Self-Driving Truck Startups TuSimple, Ike Attract More Investment to Fuel Development

Ike automated vehicle
A worker checks a sensor on a test truck operated by Ike, which is developing automated driving technology for commercial vehicles. (Ike)

Self-driving truck startups TuSimple and Ike both announced new funding in February to fuel the continued development of their automated driving systems for commercial vehicles.

TuSimple said it raised $95 million in its Series D round of funding, bringing its total funding to $178 million. The company also claimed a valuation of $1 billion — a milestone often referred to as “unicorn” status in startup parlance.

TuSimple, dually headquartered in Beijing and San Diego, currently operates a test fleet of self-driving trucks that conducts daily freight runs in Arizona and will soon expand into Texas, the company said.

Ike, meanwhile, announced $52 million in Series A funding from Bain Capital Ventures, Redpoint Ventures, Fontinalis Partners, Basis Set Ventures and Neo.

The San Francisco-based company, which emerged from stealth mode in October, was founded by former leaders of the self-driving truck program at Uber’s Advanced Technologies Group. Uber halted its development work on automated trucks in mid-2018, choosing instead to focus its efforts on passenger cars.

Other firms testing or developing automated driving technology for commercial trucks include Embark, Starsky Robotics, Waymo, PlusAI and Pronto.

TuSumple’s Series D round, completed in December, was led by Sina Corp., the developer of Chinese social media platform Weibo. Composite Capital, a Hong Kong-based investment firm, also participated.

TuSimple said it will use the new funds to prepare its self-driving system for commercialization.

“Autonomous driving is one of the most complex AI systems humans have ever built. After three years of intense focus to reach our technical goals, we have moved beyond research into the serious work of building a commercial solution,” Xiaodi Hou, TuSimple’s founder, president and chief technology officer, said in a statement.


TuSimple displays one of its self-driving trucks in January at the 2019 CES technology show in Las Vegas. (Seth Clevenger/Transport Topics)

To accelerate the introduction of its technology, TuSimple plans to expand its test fleet to more than 50 trucks by June. Those trucks will be a mix of Peterbilt and International models, all equipped with Cummins engines and outfitted with TuSimple’s self-driving system.

TuSimple has announced a formal partnership with Cummins and said it is also working with other suppliers to integrate its self-driving technology with key vehicle systems such as braking and steering.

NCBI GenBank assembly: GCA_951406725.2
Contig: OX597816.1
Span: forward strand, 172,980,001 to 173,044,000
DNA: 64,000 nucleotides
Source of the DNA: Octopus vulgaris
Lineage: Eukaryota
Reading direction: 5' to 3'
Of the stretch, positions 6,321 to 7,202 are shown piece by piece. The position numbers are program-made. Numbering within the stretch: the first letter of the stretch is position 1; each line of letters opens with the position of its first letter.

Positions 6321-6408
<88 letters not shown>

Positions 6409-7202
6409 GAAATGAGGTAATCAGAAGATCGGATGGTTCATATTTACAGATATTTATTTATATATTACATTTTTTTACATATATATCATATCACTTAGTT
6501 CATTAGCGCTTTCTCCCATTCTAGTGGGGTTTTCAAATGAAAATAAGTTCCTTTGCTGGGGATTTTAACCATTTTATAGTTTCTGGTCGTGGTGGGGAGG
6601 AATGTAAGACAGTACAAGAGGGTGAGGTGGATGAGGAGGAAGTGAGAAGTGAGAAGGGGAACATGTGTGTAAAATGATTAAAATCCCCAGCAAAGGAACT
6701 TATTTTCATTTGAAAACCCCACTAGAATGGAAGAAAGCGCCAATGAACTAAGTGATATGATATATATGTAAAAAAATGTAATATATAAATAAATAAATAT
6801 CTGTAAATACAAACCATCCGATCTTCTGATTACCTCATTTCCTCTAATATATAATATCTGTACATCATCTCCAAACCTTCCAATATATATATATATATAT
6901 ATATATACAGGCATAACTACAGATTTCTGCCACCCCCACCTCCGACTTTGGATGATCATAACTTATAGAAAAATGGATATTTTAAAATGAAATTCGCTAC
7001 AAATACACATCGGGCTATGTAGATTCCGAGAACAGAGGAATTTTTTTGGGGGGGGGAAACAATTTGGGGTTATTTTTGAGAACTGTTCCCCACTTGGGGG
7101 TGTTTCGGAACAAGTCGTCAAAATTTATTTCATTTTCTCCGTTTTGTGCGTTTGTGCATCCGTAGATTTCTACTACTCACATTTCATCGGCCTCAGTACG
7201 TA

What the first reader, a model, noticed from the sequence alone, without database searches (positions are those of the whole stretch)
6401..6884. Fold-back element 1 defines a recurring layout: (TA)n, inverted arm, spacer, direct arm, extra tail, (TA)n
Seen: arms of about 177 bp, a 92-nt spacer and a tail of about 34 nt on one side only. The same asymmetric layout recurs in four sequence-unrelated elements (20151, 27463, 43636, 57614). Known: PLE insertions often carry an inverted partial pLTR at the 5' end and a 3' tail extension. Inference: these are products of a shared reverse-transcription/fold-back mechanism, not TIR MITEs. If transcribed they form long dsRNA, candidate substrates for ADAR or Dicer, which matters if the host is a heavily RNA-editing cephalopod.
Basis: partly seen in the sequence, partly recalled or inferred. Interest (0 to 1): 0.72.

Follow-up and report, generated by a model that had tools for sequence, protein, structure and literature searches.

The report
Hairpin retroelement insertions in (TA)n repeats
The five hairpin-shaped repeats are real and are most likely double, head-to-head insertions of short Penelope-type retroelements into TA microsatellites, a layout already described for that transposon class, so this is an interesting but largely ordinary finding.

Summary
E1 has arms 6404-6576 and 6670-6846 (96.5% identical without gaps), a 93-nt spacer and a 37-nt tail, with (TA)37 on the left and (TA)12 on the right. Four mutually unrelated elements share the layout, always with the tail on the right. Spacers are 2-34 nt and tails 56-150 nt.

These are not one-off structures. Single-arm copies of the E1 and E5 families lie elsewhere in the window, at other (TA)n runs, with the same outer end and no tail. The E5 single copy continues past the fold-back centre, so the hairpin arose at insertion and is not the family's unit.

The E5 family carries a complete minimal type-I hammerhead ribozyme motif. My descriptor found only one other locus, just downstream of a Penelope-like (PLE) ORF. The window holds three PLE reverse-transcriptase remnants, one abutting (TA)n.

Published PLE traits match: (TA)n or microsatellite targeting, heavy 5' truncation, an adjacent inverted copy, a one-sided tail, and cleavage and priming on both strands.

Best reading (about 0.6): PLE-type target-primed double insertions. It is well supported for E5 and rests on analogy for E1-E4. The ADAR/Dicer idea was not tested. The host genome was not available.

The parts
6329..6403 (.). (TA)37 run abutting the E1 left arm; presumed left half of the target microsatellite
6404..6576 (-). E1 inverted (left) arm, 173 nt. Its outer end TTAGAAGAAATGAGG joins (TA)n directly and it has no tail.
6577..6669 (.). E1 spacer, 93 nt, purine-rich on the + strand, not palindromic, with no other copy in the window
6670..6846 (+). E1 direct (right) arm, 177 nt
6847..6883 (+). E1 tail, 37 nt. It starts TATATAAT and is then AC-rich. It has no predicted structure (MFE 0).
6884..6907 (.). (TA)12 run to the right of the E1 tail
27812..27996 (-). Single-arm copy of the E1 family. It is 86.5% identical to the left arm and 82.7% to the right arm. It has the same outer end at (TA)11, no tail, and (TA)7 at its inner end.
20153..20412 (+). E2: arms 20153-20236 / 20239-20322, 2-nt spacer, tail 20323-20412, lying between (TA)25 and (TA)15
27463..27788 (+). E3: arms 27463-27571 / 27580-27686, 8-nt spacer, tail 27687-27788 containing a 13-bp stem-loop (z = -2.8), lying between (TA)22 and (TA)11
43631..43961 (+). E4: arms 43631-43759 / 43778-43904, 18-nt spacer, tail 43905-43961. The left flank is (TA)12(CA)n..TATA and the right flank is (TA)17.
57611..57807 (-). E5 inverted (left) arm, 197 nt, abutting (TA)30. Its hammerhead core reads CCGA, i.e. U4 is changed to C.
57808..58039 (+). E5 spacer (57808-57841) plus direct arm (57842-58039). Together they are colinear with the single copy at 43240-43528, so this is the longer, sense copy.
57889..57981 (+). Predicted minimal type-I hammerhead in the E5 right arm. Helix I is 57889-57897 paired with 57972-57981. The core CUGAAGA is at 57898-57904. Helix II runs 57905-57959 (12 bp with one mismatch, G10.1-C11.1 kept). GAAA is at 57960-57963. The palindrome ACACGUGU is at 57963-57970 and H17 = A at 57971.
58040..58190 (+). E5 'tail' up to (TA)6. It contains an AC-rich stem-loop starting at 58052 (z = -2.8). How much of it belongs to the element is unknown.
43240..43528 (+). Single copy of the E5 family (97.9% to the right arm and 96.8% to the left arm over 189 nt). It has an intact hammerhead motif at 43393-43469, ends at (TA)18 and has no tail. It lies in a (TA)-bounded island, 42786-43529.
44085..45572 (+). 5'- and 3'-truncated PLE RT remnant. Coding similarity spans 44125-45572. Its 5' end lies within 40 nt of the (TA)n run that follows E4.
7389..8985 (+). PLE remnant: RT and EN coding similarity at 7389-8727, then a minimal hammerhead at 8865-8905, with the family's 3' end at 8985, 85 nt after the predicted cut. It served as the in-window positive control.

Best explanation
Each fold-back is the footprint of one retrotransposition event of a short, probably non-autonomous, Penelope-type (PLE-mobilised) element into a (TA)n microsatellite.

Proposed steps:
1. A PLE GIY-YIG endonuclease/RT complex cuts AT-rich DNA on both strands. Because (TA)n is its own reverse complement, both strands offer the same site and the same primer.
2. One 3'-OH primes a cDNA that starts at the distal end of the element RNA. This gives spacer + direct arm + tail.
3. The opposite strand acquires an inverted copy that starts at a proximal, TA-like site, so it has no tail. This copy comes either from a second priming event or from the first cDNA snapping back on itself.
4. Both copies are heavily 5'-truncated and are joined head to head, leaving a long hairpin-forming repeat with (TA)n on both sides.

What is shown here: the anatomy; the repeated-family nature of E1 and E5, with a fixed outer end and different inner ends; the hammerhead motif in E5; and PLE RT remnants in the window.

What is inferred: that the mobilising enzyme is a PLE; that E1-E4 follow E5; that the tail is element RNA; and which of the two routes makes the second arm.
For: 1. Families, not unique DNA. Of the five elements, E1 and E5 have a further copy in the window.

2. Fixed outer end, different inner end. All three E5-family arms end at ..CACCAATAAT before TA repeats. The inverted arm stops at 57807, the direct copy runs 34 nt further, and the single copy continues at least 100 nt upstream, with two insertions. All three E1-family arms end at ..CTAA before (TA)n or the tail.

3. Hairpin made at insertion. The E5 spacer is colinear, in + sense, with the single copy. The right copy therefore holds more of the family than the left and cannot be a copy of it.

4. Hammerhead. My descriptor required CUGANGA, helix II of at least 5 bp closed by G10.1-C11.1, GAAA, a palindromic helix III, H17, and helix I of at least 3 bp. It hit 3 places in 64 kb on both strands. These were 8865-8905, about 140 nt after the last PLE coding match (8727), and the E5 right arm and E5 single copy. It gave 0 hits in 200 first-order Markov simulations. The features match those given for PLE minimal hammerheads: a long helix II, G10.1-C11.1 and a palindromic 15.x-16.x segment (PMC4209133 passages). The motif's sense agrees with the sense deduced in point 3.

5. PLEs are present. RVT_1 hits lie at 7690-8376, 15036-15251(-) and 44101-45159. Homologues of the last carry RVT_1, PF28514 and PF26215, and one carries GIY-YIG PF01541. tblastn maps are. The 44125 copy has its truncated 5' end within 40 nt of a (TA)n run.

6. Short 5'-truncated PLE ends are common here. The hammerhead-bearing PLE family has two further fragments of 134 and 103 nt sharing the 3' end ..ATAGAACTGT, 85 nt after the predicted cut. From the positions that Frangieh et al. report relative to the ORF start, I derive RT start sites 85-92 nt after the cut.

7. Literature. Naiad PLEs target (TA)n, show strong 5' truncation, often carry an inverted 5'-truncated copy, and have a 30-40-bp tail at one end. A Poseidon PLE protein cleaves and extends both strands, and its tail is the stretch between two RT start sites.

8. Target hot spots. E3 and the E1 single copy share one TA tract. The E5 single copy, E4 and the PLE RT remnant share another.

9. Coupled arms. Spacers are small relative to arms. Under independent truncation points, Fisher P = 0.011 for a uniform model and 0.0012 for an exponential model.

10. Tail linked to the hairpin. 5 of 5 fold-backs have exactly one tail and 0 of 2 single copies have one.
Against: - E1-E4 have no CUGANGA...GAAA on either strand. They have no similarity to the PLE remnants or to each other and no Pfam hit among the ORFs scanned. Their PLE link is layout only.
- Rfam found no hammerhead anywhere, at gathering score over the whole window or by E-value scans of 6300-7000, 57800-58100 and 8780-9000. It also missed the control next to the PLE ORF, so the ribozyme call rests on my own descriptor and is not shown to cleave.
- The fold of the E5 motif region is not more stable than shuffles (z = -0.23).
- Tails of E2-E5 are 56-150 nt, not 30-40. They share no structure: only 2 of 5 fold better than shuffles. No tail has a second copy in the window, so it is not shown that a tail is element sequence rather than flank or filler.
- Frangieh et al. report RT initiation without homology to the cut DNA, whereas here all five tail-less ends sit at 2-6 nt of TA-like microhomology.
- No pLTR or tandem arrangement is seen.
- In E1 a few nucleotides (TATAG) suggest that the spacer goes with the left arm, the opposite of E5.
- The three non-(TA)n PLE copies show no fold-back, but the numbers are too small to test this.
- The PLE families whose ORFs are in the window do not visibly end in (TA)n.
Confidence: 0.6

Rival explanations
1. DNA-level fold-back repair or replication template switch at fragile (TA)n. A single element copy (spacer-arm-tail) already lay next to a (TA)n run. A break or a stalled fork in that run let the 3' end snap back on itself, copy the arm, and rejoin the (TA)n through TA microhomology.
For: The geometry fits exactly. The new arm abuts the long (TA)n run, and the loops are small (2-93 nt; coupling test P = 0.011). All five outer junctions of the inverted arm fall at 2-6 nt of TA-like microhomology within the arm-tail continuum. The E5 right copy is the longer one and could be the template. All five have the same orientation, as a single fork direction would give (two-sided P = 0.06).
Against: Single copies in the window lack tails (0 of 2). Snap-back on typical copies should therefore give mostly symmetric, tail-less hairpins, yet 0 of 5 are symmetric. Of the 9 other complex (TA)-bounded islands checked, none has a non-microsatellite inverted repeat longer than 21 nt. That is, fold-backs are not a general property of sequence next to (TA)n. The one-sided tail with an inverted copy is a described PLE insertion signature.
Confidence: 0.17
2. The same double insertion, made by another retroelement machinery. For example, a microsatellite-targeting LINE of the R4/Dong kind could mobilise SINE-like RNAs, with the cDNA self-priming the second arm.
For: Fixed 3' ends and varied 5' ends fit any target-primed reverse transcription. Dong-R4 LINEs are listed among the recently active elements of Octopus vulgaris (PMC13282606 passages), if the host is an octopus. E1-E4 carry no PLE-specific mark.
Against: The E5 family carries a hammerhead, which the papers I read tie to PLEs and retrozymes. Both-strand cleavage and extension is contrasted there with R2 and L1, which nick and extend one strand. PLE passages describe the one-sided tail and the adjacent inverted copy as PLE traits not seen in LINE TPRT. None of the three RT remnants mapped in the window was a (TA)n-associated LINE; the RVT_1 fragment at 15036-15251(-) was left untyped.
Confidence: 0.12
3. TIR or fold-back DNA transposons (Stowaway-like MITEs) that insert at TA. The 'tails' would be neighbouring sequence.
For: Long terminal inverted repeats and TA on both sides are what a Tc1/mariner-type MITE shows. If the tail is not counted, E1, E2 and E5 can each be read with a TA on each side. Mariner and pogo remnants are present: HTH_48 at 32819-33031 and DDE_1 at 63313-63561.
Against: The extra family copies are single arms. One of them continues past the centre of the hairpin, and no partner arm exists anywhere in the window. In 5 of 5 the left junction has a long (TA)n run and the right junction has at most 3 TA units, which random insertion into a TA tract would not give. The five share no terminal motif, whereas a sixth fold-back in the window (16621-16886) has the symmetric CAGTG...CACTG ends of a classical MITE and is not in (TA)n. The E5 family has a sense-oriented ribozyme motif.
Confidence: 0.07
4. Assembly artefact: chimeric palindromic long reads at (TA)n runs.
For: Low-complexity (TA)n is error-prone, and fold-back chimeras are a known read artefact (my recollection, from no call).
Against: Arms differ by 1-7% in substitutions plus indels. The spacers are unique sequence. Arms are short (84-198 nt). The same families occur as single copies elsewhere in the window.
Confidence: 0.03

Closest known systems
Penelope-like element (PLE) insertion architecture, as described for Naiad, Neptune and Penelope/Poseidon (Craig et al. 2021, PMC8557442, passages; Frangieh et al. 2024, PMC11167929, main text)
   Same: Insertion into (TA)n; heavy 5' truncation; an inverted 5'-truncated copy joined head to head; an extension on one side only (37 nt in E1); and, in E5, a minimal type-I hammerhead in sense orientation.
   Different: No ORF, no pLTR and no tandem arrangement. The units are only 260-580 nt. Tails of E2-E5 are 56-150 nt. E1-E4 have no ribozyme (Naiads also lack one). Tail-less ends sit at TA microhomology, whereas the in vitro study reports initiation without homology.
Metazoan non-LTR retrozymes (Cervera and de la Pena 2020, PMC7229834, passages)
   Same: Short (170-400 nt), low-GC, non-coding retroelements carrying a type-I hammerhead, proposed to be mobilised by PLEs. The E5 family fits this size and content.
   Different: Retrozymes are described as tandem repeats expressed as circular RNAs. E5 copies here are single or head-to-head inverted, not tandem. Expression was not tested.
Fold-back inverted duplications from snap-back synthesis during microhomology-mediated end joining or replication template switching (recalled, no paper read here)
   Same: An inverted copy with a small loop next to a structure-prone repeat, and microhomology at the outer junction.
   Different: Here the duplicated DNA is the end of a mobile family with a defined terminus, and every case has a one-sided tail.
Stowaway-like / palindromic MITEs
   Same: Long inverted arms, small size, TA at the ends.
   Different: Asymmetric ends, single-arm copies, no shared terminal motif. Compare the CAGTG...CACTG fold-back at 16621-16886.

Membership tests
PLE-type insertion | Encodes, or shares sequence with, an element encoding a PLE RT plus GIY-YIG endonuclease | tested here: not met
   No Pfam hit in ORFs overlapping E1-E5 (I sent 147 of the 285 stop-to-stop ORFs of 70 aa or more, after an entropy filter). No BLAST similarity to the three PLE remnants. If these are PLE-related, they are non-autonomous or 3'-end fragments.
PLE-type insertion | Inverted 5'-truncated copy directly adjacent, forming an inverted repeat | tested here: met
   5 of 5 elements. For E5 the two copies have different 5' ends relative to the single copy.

Unlike some other automated truck firms, TuSimple is working to fully automate not only highway driving, but the entire route from depot to depot, including entrance and exit ramps, surface streets, intersections and loading docks.

“It’s that level of completion that we feel is required to really make this a viable commercial solution,” said Chuck Price, TuSimple’s vice president of product.

Today, all of TuSimple’s test trucks continue to have a backup driver behind the wheel, but the company aims to reach the point where it can remove the driver altogether — a goal the company believes could be possible within the next few years.

“We need to build a huge number of validation miles to do that,” Price said.

Ultimately, any effort to introduce highly automated trucks will hinge on factors such as government regulation and public acceptance of the technology.

In Price’s view, any apprehension about the potential loss of drivers’ jobs is unfounded.

“With the driver shortage and lost shipping opportunities, there’s plenty of room to introduce autonomy without touching a single job,” he said. “In fact, we think we’re a substantial net job creator in this process … for folks who are in this industry.”

Price said autonomous trucks could introduce a range of new jobs, such as remotely monitoring the vehicles as they roll down the highway, as well as handling refueling, inspections and other situations that may require human interaction. Automation also could give rise to new kinds of high-tech maintenance jobs, he added.

“There are interesting jobs that will be created for people who are truck drivers today,” Price said.

Ike also said it doesn’t see its technology replacing drivers.

In a blog post announcing its Series A funding, the company described commercial trucks as “the secret backbone of our economy,” and argued that self-driving technology can help address industry challenges such as the driver shortage, new regulations, safety and the growth of e-commerce.

Ike also said it has spent “a lot of time” with industry stakeholders including truckers, manufacturers, suppliers, fleets, shippers, highway patrol officers and labor experts.

“We have much more to learn, but one thing they have taught us is that if we are going to succeed, we need to build technology that the trucking industry wants to use. Technology that helps truck drivers, not replaces them,” the company said. “By focusing our product on highway operation, we think it’s possible to build a self-driving truck that creates more and better truck driving jobs, so drivers can sleep in their own beds at night and use their skills and expertise where it matters.”